Leases from a Lessee’s Perspective

A finance (or capital) lease is equivalent to a lessee’s purchase of an asset that is directly financed by the lessor. An operating lease, on the other hand, is an agreement allowing a lessee to use an asset for a…

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Explain the Derecognition of Debt

At maturity, the discount or premium on bonds is fully amortized, and the carrying amount is equal to the face value. Upon repayment, bonds payable is reduced by the carrying amount (face value) and cash is reduced by the same…

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Reported and Common-size Cash Flow Statements

Users of financial statements can obtain useful information about a company from analyzing its cash flow statement. This can help them to understand the company’s business and earnings as well as predict its future cash flows. The common-size analysis of…

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Non-cash Investing and Financing Activities

In addition to activities which generate cash flows (operating, investing, and financing), companies also engage in investing and financing activities that do not generate any cash flows.  These activities are therefore not reported on the cash flow statement. Non-Cash Investing…

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Analyze and Interpret Financial Statement Disclosures

Users of financial statements can use financial statement disclosures to better understand a company’s investments in tangible and intangible assets, how those investments have changed during a reporting period, how those changes have affected the company’s current financial performance, and…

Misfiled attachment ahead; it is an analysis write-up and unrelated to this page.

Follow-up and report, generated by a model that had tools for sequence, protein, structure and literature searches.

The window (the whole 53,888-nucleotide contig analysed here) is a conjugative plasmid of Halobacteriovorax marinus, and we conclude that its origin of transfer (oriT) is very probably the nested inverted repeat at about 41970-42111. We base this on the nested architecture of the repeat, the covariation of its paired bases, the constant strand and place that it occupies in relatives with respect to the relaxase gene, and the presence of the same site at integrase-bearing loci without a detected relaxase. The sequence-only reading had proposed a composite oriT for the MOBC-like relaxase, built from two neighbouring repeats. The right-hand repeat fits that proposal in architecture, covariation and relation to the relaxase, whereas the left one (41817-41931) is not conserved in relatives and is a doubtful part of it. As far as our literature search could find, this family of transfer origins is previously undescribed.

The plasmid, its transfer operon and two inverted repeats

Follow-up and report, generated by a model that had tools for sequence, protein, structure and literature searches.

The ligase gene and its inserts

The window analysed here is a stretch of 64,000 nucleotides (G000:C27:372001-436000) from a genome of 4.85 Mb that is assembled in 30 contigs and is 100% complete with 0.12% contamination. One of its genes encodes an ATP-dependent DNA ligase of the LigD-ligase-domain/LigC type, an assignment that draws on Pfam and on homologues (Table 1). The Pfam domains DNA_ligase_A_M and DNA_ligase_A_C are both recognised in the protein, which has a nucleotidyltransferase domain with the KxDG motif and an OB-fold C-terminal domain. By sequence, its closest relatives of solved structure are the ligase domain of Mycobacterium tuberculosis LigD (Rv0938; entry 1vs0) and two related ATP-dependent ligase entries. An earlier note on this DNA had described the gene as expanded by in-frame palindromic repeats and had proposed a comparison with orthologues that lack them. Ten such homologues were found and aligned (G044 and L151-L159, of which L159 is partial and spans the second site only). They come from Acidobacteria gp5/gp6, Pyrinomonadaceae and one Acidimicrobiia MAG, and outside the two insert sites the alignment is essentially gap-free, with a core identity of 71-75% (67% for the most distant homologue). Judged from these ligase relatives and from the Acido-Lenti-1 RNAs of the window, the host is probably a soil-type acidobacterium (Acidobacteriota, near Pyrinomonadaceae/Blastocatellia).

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Impairment, Revaluation and Derecognition

The impairment, revaluation, and derecognition of a company’s property, plant, and equipment, as well as its intangible assets can significantly affect the company’s financial statements and the financial ratios derived from them. The Effect of Impairment, Revaluation, and Derecognition on…

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Explain the Impairment of Property, Plant, and Equipment and Intangible Assets

An asset is said to be impaired when its carrying amount is greater than its recoverable amount or fair value. Impairment losses will be recognized whenever the asset’s carrying amount is not recoverable. At the end of each reporting period,…

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Different Amortization Methods for Intangible Assets

Amortization refers to the process of allocating the cost of an intangible asset over the asset’s useful life. Only those intangible assets which are assumed to have finite useful lives are amortized over their useful lives, along the lines by…

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Capitalizing vs Expensing – Effects on Ratios

Discretion regarding whether to expense or capitalize expenditures can impede comparability across companies. For example, a company that expenses its expenditure rather than capitalizing it will have lower profitability in the first year but higher profitability in subsequent years, indicating…

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Financial Reporting of Intangible Assets

There are three primary ways in which intangible assets may be acquired: purchased in situations other than business combinations; developed internally; and acquired in business combinations. The accounting treatment will depend on which of these methods was used to acquire…

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